What was extraordinary, however, was the reason the duo gave. Usually, performers offer some perfectly valid but neutral explanation, such as that boycotts are antithetical to art, or that boycotts impede efforts for peace. But Pet Shop Boys’ vocalist, Neil Tennant, chose instead to challenge the “apartheid” canard head-on. In a statement posted on the group’s website, he wrote:

I don’t agree with this comparison of Israel to apartheid-era South Africa. It’s a caricature. Israel has (in my opinion) some crude and cruel policies based on defence; it also has universal suffrage and equality of rights for all its citizens both Jewish and Arab. In apartheid-era South Africa, artists could only play to segregated audiences; in Israel anyone who buys a ticket can attend a concert.

I might quibble with the “crude and cruel,” but other than that, you couldn’t find a clearer and more succinct explanation of the essential difference between democratic Israel and apartheid-era South Africa.

As George Orwell once wrote of a previous intellectual fad, “One has to belong to the intelligentsia to believe things like that: no ordinary man could be such a fool.” Unfortunately, the “Israeli apartheid” canard appears set to become yet another example of this truth: It is increasingly becoming the bon ton among the global intelligentsia.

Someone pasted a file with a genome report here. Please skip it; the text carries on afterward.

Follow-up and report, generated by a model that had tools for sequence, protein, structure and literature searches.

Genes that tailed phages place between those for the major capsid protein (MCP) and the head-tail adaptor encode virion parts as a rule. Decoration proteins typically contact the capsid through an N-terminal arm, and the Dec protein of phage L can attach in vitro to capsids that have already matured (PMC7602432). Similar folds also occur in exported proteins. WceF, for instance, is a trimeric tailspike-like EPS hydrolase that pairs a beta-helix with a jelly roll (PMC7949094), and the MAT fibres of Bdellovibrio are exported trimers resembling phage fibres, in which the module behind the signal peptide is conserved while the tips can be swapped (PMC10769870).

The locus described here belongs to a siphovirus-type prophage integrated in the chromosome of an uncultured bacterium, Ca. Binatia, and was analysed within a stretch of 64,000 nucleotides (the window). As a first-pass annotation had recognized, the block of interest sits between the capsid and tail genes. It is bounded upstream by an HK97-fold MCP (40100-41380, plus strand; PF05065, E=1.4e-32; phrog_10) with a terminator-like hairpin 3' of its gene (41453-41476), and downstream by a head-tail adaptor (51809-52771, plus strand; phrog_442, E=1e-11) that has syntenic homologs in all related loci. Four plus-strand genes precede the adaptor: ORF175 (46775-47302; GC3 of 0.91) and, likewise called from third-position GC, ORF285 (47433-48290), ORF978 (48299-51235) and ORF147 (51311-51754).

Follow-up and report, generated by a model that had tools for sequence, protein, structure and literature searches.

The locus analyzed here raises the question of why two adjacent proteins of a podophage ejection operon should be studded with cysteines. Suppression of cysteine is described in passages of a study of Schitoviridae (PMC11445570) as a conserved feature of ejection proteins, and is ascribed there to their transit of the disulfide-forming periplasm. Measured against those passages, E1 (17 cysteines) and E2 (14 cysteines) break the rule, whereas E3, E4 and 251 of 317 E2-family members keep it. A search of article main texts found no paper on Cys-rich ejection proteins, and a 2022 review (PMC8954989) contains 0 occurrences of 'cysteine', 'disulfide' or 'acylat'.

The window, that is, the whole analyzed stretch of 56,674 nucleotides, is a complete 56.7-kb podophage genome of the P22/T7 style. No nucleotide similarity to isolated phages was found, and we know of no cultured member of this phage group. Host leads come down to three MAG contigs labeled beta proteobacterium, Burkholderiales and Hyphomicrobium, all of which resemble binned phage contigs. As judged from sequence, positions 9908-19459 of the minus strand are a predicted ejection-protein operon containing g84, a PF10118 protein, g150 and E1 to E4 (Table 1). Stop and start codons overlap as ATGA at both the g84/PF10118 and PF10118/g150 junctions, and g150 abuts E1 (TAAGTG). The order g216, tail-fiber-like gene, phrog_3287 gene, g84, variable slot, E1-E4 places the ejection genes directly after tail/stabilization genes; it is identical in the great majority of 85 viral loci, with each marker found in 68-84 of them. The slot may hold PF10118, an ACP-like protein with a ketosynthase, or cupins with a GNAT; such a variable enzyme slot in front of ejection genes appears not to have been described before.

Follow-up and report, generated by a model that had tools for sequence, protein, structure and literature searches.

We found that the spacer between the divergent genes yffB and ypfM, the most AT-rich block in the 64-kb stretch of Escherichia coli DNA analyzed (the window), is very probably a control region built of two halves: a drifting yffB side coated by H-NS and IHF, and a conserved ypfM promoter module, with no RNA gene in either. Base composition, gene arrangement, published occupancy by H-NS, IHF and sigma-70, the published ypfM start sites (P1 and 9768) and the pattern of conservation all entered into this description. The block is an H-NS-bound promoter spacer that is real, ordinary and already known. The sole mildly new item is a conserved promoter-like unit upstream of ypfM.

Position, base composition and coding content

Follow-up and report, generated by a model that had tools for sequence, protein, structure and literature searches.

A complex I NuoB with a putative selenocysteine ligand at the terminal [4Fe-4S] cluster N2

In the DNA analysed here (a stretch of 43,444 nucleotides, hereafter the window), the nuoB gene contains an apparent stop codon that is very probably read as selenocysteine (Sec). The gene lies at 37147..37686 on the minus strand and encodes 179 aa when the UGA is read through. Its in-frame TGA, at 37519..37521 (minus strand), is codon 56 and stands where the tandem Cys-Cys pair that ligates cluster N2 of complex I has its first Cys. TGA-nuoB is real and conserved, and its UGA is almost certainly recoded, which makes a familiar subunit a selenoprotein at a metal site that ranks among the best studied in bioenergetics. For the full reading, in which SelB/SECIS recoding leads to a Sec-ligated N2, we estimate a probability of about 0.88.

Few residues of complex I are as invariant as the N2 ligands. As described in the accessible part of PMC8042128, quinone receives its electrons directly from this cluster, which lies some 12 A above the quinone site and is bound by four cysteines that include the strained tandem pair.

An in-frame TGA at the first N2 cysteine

That makes it all the more important for the “ordinary man” to speak out against it. And Pet Shop Boys has just provided a welcome example of how to do so.

One surprising side effect of Syria’s civil war is that it’s causing a few people in the Arab world to question their society’s accepted view of Israel as evil incarnate. These people are still very much a minority: The majority’s attitude is exemplified by the Syrian rebel commander who, without batting an eyelash, last month espoused the delusional theory that “Iran and Hezbollah are cooperating with Israel” to support Syrian President Bashar Assad. Nevertheless, two notable examples of a rethink have surfaced recently.

One involved a seriously wounded Syrian treated at an Israeli hospital this month. He isn’t the first Syrian to be treated in Israel, but he was the first to arrive with a note from the Syrian doctor who treated him initially. “To the honorable doctor, hello,” it began, before launching into a description of his symptoms, his treatment to date and suggestions for further treatment. “Please do what you think needs to be done,” it concluded. “Thanks in advance.”

The Syrian doctor who wrote that note clearly didn’t view Israelis as enemies, but as colleagues who could be trusted to give his patient the care he himself couldn’t provide. It indicates that word has filtered out to at least parts of Syria: Good medical care is available in Israel, and patients who need it can safely be sent there.